* Three-month Libor touches highest level in over 7 years
* Three-month Libor/OIS spread narrows from recent wide
* One-year Libor falls for third straight day
NEW YORK, Aug 25 (Reuters) - A closely watched measure of the cost for banks to borrow three-month dollars rose on Thursday to its highest level in more than seven years, with tentative signs that its rise may be losing steam.
The London interbank offered rate on three-month dollars , a benchmark for more than $300 trillion worth of financial products worldwide, has climbed more than 30 percent since late June as U.S. money market funds have scaled their holdings of short-term bank debt in advance of new regulations that go into effect on Oct. 14.
Since July, some U.S. prime money market funds, which had been major holders of commercial paper and other bank debt, have changed over to funds that hold only government securities.
Government-only money funds are exempt from rules on share value and fees from the U.S. Securities and Exchange Commission that will take effect on Oct. 14.
Earlier Thursday, three-month dollar Libor was fixed at 0.82933 percent after holding at 0.82544 percent the previous three days.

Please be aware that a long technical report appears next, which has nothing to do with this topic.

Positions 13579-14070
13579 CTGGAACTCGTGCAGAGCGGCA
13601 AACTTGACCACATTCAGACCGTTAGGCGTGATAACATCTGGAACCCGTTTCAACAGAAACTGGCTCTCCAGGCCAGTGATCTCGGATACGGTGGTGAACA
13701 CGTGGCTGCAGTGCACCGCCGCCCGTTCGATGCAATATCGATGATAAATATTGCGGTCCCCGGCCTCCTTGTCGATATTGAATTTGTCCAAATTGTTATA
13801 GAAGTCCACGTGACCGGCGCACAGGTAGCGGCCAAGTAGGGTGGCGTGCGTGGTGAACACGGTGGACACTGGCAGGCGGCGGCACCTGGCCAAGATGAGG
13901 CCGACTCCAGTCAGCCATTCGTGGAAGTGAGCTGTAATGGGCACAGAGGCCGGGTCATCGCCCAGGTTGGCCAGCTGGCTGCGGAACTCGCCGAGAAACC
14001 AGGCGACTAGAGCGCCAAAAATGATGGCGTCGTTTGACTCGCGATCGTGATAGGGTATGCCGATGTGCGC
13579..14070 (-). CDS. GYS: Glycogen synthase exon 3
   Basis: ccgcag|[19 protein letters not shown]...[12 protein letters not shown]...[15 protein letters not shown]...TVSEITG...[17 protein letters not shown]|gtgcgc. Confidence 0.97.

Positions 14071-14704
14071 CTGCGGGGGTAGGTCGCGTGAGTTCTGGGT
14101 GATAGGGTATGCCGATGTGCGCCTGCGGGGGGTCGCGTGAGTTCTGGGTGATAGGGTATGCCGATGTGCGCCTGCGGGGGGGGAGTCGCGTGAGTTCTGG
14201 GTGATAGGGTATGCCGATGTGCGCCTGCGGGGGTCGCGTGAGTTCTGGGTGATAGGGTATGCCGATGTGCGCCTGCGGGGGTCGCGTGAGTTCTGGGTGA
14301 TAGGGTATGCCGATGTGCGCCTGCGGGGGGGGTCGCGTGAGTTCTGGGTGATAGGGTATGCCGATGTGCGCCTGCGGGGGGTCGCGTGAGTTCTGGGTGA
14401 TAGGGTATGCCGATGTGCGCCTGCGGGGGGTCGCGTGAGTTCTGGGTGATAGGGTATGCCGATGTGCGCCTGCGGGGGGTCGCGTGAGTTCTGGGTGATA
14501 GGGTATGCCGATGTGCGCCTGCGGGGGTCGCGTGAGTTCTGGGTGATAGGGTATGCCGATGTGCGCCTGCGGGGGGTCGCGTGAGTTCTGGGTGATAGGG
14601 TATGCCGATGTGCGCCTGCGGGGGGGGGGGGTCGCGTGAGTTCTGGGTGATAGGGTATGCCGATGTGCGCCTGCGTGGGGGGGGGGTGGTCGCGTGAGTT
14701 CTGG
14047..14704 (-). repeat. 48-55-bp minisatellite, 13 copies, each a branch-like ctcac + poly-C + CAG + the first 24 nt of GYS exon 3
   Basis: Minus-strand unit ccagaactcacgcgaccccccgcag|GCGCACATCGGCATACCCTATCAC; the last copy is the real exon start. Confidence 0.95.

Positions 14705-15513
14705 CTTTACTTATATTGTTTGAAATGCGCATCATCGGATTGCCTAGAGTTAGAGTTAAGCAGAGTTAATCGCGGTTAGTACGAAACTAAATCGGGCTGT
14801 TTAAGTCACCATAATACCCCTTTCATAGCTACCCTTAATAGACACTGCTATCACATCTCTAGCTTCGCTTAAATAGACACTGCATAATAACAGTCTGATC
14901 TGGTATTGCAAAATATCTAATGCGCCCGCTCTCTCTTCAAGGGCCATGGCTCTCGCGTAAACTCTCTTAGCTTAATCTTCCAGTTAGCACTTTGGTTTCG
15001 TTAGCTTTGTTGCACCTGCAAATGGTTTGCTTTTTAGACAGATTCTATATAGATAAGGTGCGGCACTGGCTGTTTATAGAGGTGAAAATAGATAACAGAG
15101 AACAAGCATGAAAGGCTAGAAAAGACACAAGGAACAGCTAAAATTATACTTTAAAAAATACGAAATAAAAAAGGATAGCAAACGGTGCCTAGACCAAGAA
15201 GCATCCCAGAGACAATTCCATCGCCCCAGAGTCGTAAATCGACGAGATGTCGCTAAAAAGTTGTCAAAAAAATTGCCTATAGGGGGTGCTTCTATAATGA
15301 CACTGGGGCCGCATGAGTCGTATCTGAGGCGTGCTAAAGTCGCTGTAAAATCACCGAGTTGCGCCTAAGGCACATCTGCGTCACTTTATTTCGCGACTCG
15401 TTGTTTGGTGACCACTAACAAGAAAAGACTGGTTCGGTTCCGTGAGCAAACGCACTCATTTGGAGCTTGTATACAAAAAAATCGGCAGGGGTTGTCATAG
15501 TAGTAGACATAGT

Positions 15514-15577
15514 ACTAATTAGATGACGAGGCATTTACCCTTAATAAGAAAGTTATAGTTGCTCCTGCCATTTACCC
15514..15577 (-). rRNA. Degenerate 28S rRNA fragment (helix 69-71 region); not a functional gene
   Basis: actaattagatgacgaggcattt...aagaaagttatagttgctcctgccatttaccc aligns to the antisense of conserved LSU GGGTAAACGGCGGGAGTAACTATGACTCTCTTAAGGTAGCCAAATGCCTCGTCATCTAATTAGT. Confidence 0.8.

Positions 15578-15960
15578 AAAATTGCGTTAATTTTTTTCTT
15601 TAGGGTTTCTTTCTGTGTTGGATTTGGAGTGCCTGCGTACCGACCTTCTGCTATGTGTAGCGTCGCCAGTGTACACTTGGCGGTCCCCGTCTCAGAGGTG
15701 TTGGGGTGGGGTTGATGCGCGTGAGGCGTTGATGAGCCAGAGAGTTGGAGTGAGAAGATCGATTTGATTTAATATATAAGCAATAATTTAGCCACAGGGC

However, its premium versus the three-month overnight indexed rate, which measures traders’ expectations on bank borrowing cost in three months, eased from its widest level since early 2012 set on Aug. 12, according to Reuters data.
This spread between three-month Libor and three-month OIS was last at 0.399 percent, compared with 0.390 percent on Thursday and its recent wide of 0.417 percent earlier this month.
Meanwhile, Libor for other maturities were broadly lower from Tuesday.
One-month Libor rose to 0.52383 percent, which was just shy of Tuesday’s 0.52439 percent, which was its highest since March 2009.
Six-month Libor edged up to 1.22428 percent. On Tuesday, it was 1.22900 percent, which was its highest since June 2009.
One-year Libor declined for a third straight day to 1.52611 percent. On Monday, it hit 1.53294 percent, which was its highest since July 2009.
Reporting by Richard Leong; Editing by Nick Zieminski